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Studios regret sending Google a list of every pirate site on the Internet for publication

The movie studios send a lot of takedown notices to Google, demanding that the search engine remove links to sites and files they don't like. Google publishes all the notices they receive, and this has Fox and other studios upset. Now, they're sending takedown notices demanding removal of their takedown notices. Cory

American public schools in 9 states sharing every conceivable personal detail of their students with third parties


Update: A PR person who has apparently been retained to represent inBloom strenuously objected to Greg's characterization of her client's practices below. She sent me an email, which I've posted to the comments. I've also made a factual correction, regarding constraints, below (look for the strikethrough)

Greg Costikyan sez,

inBloom, a Gates-funded non-profit to harness data to improve grade school education, has partnered with New York and eight other states to encourage the development of apps to "further education" by using intimate data about students, without parental consent and with no ability for parents to opt out.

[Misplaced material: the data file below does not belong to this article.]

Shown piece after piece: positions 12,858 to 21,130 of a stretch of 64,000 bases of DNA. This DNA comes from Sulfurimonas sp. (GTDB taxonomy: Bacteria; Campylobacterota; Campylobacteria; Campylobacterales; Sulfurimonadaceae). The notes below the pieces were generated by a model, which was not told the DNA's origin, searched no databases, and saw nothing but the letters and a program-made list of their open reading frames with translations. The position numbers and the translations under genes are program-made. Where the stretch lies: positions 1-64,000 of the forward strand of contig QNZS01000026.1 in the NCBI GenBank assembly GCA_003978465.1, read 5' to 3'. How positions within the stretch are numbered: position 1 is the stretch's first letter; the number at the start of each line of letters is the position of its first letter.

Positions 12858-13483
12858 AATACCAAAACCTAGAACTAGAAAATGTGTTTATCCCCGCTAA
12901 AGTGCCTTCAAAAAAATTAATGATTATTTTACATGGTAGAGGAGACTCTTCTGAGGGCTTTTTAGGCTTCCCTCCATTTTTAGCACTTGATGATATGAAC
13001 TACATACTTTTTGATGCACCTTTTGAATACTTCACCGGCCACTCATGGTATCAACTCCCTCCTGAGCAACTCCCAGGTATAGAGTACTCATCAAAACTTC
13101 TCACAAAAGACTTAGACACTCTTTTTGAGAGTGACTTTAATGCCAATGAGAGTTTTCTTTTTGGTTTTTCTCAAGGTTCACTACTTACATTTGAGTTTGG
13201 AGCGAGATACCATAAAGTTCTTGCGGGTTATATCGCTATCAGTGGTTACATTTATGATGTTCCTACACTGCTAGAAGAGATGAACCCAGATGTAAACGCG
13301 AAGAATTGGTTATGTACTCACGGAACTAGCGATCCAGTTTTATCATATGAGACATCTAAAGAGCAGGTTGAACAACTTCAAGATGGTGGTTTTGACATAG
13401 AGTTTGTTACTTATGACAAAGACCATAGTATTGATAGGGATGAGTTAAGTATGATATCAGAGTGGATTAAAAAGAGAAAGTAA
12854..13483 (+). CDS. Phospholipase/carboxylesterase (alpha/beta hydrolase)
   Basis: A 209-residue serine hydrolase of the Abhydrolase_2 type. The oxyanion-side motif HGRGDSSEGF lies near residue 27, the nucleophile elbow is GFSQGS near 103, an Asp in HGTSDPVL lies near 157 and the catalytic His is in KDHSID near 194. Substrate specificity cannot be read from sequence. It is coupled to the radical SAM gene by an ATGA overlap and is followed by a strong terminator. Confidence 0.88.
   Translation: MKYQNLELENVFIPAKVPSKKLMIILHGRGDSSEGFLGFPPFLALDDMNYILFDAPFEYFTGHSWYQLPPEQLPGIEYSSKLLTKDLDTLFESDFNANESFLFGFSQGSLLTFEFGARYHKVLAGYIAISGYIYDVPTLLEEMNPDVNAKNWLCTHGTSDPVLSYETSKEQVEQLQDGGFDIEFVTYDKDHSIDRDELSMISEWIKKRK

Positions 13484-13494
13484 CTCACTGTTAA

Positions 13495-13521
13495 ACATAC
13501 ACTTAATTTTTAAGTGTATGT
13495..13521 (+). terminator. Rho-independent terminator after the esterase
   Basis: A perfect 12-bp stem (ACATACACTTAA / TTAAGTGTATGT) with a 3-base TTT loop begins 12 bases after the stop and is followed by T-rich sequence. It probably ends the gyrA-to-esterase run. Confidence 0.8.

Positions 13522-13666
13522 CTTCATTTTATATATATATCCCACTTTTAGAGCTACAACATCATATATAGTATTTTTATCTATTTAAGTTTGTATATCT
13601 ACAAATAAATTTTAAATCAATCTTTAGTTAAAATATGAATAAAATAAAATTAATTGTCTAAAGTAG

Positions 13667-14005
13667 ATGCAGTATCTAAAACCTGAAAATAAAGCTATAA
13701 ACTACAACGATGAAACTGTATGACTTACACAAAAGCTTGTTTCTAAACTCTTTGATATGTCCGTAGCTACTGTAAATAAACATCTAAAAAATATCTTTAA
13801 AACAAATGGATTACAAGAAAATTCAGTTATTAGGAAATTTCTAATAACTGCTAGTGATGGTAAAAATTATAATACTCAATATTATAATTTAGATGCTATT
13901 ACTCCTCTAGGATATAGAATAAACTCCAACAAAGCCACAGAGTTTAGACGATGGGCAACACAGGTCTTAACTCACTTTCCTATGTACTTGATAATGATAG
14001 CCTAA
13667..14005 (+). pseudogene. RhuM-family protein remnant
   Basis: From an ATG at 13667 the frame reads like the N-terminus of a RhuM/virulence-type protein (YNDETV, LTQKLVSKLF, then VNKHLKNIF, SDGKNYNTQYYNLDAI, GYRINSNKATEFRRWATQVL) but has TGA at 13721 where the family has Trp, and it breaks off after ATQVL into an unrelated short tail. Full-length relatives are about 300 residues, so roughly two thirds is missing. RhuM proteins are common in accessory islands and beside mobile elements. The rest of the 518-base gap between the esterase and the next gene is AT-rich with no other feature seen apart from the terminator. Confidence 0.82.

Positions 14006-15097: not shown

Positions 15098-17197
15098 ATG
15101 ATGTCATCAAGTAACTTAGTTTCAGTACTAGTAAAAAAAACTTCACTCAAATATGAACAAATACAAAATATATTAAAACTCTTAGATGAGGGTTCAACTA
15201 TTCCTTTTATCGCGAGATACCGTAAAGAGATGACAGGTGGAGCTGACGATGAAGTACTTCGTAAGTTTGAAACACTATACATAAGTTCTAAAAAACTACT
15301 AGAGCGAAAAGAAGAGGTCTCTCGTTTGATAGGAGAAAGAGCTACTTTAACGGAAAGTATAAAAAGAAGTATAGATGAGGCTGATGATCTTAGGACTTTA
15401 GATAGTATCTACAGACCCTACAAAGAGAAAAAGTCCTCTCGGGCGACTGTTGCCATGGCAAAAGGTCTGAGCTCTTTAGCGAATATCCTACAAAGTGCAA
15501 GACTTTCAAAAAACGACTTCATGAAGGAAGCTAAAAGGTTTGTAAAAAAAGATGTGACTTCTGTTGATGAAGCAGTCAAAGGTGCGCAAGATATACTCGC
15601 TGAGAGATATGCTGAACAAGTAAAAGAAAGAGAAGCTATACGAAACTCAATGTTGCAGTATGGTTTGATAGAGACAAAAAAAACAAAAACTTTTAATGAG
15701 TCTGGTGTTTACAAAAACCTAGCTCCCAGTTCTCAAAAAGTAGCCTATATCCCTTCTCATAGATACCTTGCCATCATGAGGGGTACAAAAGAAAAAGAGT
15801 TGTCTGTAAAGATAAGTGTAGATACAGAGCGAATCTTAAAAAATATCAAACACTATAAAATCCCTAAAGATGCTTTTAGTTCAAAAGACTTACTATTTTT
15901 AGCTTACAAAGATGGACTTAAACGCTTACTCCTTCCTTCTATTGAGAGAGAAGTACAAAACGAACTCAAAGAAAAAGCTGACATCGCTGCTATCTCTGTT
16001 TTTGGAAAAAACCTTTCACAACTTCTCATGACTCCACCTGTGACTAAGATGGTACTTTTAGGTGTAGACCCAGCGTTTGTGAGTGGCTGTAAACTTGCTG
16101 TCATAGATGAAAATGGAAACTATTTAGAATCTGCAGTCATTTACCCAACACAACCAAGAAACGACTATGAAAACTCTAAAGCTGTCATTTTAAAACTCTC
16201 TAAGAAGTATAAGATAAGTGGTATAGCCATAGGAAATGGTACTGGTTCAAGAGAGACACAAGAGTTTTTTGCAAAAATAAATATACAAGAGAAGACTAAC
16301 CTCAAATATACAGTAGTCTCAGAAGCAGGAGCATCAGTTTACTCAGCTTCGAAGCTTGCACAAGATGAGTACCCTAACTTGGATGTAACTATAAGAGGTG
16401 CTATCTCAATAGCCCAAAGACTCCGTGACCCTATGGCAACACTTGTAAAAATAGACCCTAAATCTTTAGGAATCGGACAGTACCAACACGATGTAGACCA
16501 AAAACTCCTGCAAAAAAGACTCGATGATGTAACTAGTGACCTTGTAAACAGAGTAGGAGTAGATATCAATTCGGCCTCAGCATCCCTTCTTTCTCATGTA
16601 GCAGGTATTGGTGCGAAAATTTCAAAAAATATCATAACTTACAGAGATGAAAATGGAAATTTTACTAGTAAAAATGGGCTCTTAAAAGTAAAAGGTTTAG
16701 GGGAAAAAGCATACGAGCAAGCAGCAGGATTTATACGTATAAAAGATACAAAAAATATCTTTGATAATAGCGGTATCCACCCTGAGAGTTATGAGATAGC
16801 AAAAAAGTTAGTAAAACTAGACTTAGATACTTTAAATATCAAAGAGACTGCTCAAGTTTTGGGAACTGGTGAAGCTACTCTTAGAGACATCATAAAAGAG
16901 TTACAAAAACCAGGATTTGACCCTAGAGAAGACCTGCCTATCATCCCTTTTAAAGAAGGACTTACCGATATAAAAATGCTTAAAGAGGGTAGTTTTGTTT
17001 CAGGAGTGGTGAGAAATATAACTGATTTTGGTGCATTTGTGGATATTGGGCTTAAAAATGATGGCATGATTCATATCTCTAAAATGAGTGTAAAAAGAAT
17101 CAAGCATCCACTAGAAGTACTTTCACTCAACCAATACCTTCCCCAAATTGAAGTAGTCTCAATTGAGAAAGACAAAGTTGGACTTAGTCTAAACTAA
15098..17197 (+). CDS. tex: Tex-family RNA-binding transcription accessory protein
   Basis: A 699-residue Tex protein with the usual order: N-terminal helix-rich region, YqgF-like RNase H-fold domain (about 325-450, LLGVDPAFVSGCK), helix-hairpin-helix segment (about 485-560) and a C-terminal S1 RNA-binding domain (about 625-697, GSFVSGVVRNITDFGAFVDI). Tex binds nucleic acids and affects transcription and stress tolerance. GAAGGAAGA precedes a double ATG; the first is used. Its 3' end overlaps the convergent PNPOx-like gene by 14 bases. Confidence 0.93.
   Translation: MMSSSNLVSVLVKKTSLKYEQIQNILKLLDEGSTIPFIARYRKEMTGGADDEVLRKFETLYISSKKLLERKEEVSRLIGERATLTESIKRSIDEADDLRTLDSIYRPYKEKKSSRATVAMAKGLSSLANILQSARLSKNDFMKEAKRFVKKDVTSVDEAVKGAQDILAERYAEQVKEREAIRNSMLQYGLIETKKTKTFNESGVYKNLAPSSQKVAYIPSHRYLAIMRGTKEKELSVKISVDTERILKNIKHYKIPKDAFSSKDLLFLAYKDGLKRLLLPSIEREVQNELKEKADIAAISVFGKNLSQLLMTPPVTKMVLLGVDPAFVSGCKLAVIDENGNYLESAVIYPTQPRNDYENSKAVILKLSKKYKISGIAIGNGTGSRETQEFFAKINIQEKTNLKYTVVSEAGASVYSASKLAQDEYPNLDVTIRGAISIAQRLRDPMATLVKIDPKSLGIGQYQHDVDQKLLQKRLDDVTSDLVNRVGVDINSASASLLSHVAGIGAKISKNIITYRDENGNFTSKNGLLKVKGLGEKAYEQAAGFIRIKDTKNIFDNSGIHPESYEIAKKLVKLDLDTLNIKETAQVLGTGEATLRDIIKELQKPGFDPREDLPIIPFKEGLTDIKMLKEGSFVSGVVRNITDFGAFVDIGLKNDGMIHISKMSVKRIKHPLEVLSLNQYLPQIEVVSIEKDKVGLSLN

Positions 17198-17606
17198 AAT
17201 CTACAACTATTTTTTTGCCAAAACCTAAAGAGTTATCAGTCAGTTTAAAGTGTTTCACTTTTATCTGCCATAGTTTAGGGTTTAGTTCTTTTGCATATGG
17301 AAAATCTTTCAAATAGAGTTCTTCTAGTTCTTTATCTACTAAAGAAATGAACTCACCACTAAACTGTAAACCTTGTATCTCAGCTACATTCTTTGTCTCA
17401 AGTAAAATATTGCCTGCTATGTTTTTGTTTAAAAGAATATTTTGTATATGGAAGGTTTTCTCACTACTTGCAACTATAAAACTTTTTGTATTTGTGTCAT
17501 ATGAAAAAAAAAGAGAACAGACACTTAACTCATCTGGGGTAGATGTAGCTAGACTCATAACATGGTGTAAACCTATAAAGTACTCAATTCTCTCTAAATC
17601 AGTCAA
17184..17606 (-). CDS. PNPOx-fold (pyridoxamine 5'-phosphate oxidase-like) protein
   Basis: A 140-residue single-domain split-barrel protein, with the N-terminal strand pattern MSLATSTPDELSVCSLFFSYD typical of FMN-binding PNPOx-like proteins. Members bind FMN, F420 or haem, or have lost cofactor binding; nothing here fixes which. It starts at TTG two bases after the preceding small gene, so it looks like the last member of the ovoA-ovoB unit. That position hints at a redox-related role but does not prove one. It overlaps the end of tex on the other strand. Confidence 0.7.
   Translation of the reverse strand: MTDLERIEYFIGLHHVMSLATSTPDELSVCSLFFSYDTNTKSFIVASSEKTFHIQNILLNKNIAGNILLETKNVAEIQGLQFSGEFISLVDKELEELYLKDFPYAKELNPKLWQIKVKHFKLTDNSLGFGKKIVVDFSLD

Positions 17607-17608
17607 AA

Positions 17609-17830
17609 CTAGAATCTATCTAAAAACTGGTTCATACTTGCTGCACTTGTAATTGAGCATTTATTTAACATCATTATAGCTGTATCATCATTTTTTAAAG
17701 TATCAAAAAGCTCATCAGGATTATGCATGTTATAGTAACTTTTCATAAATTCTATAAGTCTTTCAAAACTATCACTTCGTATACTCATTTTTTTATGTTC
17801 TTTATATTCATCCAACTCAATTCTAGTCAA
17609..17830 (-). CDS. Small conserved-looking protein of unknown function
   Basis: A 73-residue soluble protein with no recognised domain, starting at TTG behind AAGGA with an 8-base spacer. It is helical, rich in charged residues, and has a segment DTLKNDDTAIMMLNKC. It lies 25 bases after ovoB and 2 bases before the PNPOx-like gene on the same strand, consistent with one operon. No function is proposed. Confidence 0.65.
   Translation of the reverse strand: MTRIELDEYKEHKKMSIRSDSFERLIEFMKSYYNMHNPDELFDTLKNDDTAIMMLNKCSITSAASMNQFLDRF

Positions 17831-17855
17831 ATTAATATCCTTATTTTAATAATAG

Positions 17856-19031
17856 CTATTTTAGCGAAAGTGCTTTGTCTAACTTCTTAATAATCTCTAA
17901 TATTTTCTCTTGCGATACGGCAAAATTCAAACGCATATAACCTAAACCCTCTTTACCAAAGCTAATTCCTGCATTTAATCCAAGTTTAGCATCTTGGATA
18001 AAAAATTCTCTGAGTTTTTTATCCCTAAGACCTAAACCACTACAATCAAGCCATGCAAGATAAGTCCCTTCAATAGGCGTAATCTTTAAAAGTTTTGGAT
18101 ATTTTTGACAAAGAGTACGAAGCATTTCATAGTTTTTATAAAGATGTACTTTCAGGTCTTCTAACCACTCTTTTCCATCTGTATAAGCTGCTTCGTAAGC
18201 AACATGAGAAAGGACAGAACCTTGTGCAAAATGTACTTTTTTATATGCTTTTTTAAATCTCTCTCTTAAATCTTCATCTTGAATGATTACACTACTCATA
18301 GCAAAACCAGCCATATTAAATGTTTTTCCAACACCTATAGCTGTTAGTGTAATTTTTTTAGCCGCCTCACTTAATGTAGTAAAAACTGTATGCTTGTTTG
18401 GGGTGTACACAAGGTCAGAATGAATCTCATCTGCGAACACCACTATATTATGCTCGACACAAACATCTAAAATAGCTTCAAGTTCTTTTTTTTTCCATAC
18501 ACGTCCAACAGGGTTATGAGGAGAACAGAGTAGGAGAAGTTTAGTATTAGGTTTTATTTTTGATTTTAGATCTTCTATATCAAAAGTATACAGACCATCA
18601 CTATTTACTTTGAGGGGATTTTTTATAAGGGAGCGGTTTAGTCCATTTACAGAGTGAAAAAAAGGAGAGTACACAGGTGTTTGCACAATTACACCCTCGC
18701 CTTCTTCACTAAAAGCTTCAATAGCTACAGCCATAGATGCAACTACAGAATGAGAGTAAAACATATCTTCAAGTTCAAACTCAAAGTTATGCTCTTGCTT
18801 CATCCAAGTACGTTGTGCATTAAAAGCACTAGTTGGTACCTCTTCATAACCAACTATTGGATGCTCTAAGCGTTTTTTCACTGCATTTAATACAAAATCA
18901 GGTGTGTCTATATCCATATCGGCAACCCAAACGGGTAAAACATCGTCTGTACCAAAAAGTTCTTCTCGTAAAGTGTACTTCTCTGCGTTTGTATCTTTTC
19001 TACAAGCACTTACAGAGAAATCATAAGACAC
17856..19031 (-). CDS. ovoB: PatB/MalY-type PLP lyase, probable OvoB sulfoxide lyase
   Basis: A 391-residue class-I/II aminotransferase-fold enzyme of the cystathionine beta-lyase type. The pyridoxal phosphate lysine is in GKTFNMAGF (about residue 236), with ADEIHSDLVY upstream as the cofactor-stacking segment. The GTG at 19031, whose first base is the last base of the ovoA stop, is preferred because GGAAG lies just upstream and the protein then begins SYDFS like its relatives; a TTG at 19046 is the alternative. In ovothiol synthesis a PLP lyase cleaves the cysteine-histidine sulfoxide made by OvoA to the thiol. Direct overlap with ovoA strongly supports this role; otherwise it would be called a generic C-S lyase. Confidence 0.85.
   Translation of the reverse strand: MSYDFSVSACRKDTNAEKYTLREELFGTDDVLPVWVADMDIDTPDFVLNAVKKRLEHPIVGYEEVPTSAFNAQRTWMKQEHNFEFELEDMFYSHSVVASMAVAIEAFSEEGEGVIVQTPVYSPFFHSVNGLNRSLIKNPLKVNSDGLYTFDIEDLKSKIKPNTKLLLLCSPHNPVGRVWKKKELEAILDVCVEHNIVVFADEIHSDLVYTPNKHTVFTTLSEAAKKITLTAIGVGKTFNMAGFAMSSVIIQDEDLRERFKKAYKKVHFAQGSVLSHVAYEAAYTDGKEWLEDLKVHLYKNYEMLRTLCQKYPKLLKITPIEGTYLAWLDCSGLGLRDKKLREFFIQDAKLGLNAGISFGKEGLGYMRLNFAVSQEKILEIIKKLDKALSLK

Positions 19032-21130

Among the data shared are name, address, phone numbers, test scores, grades, economic status, test scores, disciplinary records, picture, email, race, developmental delay... just about everything conceivable, and all specific, none of it anonymized. inBloom has arrangements with nine states (New York, Massachusetts, Louisiana, Colorado, Illinois, North Carolina, Georgia, Delaware and Kentucky) to do this.

The XML schema used are downloadable here. Anyone can register as a developer and start using "sample" data, but "real" data is supposedly only available to developers with contracts with a school board. But this includes for-profit, third party developers, such as, say, Amplify, a News Corp subsidiary with a contract with New York. And it doesn't appear there are any constraints on their use of this data. Ed: apparently constraints can be imposed by districts and states, though the system can allow unconstrained access if the district/state chooses.